What is light pollution?
In science terms, light pollution is the increase in sky luminance due to the diffusion of light on molecules of water and aerosol particles. Light pollution is associated with artificial lighting only, and does not have any natural causes. Thus, in the field of lighting design there now exists such a term as “unwanted light”.
“When we’re talking about urban lighting, balance is a must. We cannot leave the city in complete darkness, as we need to create the right conditions for safe traffic, so we have to compromise. This is why the term “unwanted light” has been widely accepted in the international practice. To put it simply, this is the light that misses the surface it has to illuminate, i.e. is used irrationally or wasted. Let’s say we have a facade, which has different elements, and our task is to highlight its detailing. If we make mistakes when placing lighting devices, the light will simply go upwards (and contribute to light pollution), so it is important to concentrate it on the target we have in mind. In other words, it is mostly the irrational design that exacerbates the problem,” explains Svetlana Kolgushkina.
Why is it getting worse?
One of the reasons behind the growth of light pollution has to do with the progress in development of lighting devices. What’s more, up until recently lighting design was mostly focused on the task of lighting a larger surface while spending less resources, so many of the commonly used technologies, like devices with a wide beam angle, also contribute to light pollution. Researchers state that the harmful effect from using such equipment is even more notable than the one from directing light straight into the sky.
Due to the rapid development of LED technologies, architectural lighting is now becoming all the more popular in Russia, especially in Moscow. Experts note an incredibly rapid increase in facade lighting in Russia in the last few years. By the way, many developed countries have already started to give up on this trend. In many respects, lighting design now focuses on creation of urban lighting master plans for the city in general, where they decide on priority areas before setting the plans in motion. A good example of a controversial lighting solution is the landscape lighting project for the Sparrow Hills in Moscow. Activists, ecologists and zoologists believe that the using the equipment chosen by the designers in a nature reserve can harm the park’s animal life.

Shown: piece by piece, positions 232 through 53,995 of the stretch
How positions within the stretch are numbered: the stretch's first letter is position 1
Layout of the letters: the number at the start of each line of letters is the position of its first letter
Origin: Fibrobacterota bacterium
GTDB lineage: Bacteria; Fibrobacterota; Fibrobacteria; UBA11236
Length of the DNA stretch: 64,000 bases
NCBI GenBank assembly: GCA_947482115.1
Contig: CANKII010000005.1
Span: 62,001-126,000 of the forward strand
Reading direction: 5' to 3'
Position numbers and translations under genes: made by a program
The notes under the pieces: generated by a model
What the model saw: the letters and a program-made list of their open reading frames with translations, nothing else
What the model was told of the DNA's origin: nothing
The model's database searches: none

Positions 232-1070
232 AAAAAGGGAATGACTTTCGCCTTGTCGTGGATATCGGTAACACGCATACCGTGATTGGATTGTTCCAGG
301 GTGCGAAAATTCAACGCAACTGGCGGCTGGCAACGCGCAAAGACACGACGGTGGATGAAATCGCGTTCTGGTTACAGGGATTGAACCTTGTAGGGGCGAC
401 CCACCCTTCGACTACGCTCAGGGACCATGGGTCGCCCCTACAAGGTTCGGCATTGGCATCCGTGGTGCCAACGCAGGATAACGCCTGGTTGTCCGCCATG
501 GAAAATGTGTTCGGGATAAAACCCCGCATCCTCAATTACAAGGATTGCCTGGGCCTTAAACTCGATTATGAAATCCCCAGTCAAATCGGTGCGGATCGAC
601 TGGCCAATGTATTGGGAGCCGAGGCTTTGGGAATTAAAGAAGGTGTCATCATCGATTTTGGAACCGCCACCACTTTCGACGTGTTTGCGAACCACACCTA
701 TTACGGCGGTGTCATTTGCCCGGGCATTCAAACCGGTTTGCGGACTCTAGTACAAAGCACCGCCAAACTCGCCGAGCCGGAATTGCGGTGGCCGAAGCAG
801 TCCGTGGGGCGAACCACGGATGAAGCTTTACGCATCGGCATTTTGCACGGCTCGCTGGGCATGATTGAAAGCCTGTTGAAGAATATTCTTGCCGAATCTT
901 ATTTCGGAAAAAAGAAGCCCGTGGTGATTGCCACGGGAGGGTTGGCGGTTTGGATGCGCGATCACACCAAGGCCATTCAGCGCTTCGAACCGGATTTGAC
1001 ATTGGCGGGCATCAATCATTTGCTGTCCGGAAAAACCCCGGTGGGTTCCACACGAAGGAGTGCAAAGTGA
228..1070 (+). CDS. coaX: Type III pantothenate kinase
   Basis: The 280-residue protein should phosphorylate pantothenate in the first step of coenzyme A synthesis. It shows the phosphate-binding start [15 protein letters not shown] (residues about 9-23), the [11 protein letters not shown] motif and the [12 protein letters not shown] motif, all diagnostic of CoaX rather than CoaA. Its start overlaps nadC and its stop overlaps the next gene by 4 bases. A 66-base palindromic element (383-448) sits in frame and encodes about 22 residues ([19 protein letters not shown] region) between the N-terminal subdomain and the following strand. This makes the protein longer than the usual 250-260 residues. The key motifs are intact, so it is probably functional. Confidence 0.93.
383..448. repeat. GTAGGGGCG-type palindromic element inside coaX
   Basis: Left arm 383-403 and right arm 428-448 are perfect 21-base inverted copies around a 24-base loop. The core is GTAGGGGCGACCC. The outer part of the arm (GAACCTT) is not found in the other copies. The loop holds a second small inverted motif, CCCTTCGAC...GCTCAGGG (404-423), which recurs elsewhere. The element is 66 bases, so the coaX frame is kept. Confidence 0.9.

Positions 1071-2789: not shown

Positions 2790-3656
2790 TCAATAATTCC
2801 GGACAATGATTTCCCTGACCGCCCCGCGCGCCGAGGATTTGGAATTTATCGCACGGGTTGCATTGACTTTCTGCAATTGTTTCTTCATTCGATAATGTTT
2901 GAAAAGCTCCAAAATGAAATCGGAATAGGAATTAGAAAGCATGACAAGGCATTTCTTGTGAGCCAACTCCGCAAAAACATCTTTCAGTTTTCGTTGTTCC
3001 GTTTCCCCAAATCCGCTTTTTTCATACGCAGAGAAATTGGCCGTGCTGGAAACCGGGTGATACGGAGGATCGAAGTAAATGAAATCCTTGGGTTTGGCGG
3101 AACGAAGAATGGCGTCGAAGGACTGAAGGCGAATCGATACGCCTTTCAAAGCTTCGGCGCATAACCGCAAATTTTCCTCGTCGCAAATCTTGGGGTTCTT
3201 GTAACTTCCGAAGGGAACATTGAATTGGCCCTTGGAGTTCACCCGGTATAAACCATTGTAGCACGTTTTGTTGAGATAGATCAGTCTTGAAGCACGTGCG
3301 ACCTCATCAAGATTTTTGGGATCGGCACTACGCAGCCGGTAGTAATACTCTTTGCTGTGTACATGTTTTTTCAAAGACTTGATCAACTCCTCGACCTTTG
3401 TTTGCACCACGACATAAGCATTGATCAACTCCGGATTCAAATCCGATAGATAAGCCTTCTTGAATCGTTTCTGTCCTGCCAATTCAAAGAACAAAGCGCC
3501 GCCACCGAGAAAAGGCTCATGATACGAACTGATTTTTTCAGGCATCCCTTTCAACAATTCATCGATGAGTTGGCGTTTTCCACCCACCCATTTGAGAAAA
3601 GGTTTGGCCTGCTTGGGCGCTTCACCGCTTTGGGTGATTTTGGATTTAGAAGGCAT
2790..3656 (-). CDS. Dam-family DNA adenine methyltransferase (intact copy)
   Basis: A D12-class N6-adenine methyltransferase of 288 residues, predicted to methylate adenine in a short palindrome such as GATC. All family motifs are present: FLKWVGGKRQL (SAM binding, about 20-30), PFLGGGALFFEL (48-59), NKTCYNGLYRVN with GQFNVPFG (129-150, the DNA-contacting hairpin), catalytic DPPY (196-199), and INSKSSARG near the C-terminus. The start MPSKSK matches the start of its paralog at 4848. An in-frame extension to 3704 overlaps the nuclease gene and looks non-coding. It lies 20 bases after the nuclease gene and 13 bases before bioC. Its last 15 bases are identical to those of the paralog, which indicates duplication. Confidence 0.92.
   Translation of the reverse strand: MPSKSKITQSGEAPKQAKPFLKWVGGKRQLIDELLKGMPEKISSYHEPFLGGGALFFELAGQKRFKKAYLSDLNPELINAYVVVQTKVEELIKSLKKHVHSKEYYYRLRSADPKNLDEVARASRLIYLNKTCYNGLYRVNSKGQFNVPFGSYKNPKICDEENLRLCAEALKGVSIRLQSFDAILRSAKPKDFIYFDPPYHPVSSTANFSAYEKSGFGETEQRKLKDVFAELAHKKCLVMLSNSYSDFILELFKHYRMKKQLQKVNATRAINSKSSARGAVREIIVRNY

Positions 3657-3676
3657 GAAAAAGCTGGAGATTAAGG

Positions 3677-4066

Other countries are already starting to see light pollution as a problematic issue. As opposed to the overall increase in facade lighting in Moscow in 2010-2018, it was already in 2013 that “designing darkness” had become the topic of many discussions and reports at the European Professional Lighting Design Convention (PLDС) in Copenhagen.
Who keeps track of pollution levels?
There are the recommendations by the International Commission on Illumination (CIE) for the five different types of “lighting zones”. These recommendations account for the quantities of light that is emitted into the so-called upper hemisphere, as well as the acceptable levels of unwanted light entering the zenith. According to Ms. Kolgushkina, Europe treats the issue of light pollution with the most consideration. First of all, European countries are actively conserving resources, and Europeans also often bring up the topics of biodiversity and conservation at various conferences.
“We are also trying to draw attention to this topic, which was first discovered by astronomers. Light pollution issues began to affect the precision of their measurements. Thing is, the celestial bodies observed by astronomers are grouped according to brightness. Therefore, if the background luminance is too high, some can as much as disappear from sight. In St. Petersburg, this is a serious issue, and the city’s light pollution has recently become a hot topic in regards to the operation of the Pulkovo observatory,” comments Ms. Kolgushkina.
The International Dark-Sky Association brings together a vast number of specialists who mostly approach the problem from the astronomers’ point of view. These specialists focus on measurements in the conditions of clear, moonless nights, so that the effects of even natural lighting would be kept to a minimum.